George Morfogen Bob Rebadow Guest Recurring
J. D. Williams Kenny Wangler Guest Recurring
Željko Ivanek Governor James Devlin Guest Recurring
muMs da Schemer Arnold "Poet" Jackson Guest Recurring
Granville Adams Zahir Arif Guest Recurring
Rick Fox Jackson Vahue Guest Recurring Recurring
Eddie Malavarca Peter Schibetta Guest Guest
Tom Mardirosian Agamemnon Busmalis Guest Recurring
Scott William Winters Cyril O'Reily Guest Recurring
Austin Pendleton William Giles Guest Recurring
Kathryn Erbe Shirley Bellinger Guest Recurring Guest
Luis Guzmán Raoul "El Cid" Hernandez Guest Recurring
Mark Margolis Antonio Nappa Guest Recurring Guest
Chuck Zito Chucky Pancamo Guest Recurring
R.E. Rogers James Robson Guest Recurring
Evan Seinfeld Jaz Hoyt Guest Recurring
Otto Sanchez Carmen "Chico" Guerra Guest Recurring
Sean Dugan Timmy Kirk Guest Guest Recurring
Robert Clohessy Officer Sean Murphy Recurring
Kristin Rohde Officer Claire Howell Recurring
Philip Casnoff Nikolai Stanislofsky Recurring
Seth Gilliam Officer Clayton Hughes Recurring
Kevin Conway Seamus O'Reily Guest Recurring
Charles Busch Nathaniel 'Nat' Ginzburg Guest Recurring
David Zayas Enrique Morales Recurring
Reg E. Cathey Martin Querns Recurring Guest
Erik King Moses Deyell Recurring
Lance Reddick Johnny Basil / Desmond Mobay Recurring
Lord Jamar 'Supreme Allah' / Kevin Ketchum Recurring
Michael Wright Omar White Recurring
Anthony Chisholm Burr Redding Recurring
Luke Perry Jeremiah Cloutier Recurring
Betty Buckley Suzanne Fitzgerald Recurring
Blake Robbins Officer Dave Brass Guest Recurring
Patti LuPone Stella Coffa Recurring
Joel Grey Lemuel Idzik Recurring
Bobby Cannavale Alonzo Torquemada Recurring
Steven Wishnoff Tony Masters Recurring


SeasonEpisodesOriginally aired
First airedLast aired
18July 12, 1997 (1997-07-12)August 25, 1997 (1997-08-25)
28July 11, 1998 (1998-07-11)August 31, 1998 (1998-08-31)
38July 14, 1999 (1999-07-14)September 1, 1999 (1999-09-01)
416July 12, 2000 (2000-07-12)February 25, 2001 (2001-02-25)
58January 6, 2002 (2002-01-06)February 24, 2002 (2002-02-24)
68January 5, 2003 (2003-01-05)February 23, 2003 (2003-02-23)

Oz took advantage of the freedoms of premium cable to show elements of coarse language, drug use, violence, frontal nudity, homosexuality, and male rape, as well as ethnic and religious conflicts that would have been unacceptable to traditional advertiser-supported American broadcast television.[3]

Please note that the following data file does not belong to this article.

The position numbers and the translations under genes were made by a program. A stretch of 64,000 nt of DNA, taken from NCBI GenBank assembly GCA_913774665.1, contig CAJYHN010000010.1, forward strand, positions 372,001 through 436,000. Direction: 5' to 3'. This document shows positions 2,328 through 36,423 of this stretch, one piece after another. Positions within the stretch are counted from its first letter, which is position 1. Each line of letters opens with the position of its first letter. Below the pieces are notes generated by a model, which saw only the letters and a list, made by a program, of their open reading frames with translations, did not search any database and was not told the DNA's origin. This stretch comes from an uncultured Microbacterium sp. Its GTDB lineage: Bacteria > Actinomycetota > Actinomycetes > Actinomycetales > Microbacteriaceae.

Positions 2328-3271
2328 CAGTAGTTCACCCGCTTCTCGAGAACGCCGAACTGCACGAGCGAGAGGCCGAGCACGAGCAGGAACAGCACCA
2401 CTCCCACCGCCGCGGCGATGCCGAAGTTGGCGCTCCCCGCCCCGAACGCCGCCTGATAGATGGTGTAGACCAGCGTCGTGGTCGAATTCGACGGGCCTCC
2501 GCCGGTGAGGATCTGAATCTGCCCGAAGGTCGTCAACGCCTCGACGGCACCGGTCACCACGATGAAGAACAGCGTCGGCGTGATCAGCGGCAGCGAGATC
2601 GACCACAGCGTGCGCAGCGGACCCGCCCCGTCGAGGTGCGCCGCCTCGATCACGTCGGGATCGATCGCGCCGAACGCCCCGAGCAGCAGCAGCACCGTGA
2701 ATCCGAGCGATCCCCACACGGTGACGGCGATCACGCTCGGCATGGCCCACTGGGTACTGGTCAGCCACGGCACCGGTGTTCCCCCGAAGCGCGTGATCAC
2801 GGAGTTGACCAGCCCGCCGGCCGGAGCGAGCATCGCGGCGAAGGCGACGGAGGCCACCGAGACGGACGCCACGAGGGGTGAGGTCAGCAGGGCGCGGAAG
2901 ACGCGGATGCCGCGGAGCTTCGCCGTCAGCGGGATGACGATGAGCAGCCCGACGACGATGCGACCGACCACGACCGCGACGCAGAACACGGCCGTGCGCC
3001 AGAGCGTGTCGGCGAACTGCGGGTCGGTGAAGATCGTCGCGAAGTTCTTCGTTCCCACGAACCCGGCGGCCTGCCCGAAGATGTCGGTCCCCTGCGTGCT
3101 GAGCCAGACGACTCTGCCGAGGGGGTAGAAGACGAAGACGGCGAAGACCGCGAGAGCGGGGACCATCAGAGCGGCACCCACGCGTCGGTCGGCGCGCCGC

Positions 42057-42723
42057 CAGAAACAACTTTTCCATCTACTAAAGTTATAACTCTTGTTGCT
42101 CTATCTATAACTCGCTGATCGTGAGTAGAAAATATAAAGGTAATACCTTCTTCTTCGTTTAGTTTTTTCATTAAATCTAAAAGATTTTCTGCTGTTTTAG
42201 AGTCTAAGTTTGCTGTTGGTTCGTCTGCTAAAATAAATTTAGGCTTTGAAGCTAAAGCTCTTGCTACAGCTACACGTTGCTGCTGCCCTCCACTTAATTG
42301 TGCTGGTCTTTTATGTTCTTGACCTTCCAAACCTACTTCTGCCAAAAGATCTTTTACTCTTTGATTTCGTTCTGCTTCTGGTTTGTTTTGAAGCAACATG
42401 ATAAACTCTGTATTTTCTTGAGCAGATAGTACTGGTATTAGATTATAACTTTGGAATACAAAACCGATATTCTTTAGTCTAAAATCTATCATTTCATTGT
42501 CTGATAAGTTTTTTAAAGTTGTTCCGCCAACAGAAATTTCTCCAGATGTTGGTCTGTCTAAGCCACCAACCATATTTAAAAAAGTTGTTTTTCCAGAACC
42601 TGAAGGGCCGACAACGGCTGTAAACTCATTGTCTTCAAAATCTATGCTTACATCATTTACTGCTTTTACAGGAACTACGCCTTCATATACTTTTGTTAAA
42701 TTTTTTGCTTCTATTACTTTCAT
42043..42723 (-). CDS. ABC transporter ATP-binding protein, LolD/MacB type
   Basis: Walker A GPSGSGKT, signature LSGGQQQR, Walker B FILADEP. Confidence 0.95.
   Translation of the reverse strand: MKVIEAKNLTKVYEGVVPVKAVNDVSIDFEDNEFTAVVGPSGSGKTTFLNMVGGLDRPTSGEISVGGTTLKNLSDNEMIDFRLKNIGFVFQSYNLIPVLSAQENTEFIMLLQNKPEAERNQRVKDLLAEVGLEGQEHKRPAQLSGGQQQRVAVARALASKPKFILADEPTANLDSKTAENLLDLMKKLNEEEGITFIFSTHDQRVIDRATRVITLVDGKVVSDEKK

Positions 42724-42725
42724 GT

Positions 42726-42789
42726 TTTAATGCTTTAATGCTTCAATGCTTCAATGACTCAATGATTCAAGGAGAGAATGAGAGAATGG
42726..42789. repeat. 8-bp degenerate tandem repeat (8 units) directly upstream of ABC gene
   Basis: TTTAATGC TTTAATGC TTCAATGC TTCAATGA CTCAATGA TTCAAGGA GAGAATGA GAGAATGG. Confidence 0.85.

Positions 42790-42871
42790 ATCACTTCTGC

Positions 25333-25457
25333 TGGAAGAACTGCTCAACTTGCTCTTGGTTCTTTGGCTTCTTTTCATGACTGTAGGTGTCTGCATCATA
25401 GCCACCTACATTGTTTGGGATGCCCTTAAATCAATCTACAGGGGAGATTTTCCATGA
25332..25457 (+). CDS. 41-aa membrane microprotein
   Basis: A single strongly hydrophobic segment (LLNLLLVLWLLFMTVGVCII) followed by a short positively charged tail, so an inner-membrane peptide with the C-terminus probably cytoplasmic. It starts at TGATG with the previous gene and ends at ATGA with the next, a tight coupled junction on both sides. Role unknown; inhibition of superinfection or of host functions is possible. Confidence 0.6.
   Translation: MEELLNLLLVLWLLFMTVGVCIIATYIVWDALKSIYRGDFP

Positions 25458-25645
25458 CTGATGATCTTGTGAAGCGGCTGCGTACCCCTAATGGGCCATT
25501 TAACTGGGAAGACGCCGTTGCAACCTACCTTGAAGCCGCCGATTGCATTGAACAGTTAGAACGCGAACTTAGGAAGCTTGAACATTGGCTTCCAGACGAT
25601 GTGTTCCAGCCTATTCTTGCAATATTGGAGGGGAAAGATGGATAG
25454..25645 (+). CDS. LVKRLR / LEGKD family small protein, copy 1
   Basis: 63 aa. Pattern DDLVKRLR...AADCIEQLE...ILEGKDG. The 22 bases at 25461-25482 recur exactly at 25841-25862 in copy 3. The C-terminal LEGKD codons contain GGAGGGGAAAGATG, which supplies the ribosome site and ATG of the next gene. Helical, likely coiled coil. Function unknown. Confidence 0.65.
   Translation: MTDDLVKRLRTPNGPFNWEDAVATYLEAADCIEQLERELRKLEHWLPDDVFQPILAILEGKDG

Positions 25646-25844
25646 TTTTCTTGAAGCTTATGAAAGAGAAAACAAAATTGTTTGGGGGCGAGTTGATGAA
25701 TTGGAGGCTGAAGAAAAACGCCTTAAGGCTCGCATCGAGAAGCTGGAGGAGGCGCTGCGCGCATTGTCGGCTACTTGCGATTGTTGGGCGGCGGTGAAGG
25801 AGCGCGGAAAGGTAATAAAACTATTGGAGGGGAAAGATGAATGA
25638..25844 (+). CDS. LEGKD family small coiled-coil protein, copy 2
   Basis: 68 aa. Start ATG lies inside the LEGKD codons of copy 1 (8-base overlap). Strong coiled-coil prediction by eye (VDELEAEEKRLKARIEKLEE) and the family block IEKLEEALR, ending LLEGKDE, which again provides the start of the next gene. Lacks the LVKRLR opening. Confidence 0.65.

International broadcast history

In Australia, Oz was screened uncensored on Channel "OH" on Optus TV, then free-to-air channel, SBS. This was also the case in Brazil, where it was aired by the SBT Network Corporation, late at night; in Ireland, where the series aired on free-to-air channel TG4 at 11 p.m.; in Israel, where Oz was displayed on the free-to-air commercial Channel 2; in Italy, where it was aired on the free-to-air Italia 1; and in the United Kingdom, where Channel 4 aired the show in the middle of the night.

In Bosnia and Herzegovina, it was aired on the federal TV station called FTV. In Canada, Oz aired on the Showcase Channel at Friday 10 p.m. EST. In Croatia, Estonia, and Slovenia, the show was aired late at night on public, non-commercial, state-owned channels HRT, ETV, and RTV SLO, respectively. In Denmark, it appeared late at night on the non-commercial public service channel DR1. In Finland, it broadcast on the free-to-air channel Nelonen (TV4). In France, the show aired on commercial cable channel 'Serie Club,' also late at night. In Malaysia, full episodes of Oz aired late at night on ntv7, while the censored version aired during the day. In the Netherlands, Oz aired on the commercial channel RTL 5. In New Zealand Oz aired on The Box at 9.30pm on Wednesdays in the early 2000s (decade). In Norway and Sweden, it aired on the commercial channels ZTV and TV3 late at night. In Panama, Oz aired on RPC-TV Channel 4 in a late-night hour. In Portugal, Oz aired late at night on SIC Radical, one of the SIC channels in the cable network. In Serbia, Oz aired on RTV BK Telecom. In Spain, the show aired on premium channel Canal+. In Turkey, Oz was aired on Cine5; DiziMax also aired the re-runs. In Japan, it aired on SuperChannel (now, Super! Drama TV) from 29 December 2001 to 22 July 2005.


On April 21, 2009, Variety announced that starting May 31, DirecTV will broadcast all 56 episodes in their original form without commercials and in up-scaled "high definition" on The 101 Network available to all subscribers. The episodes will also be available through DirecTV's On Demand service.[5]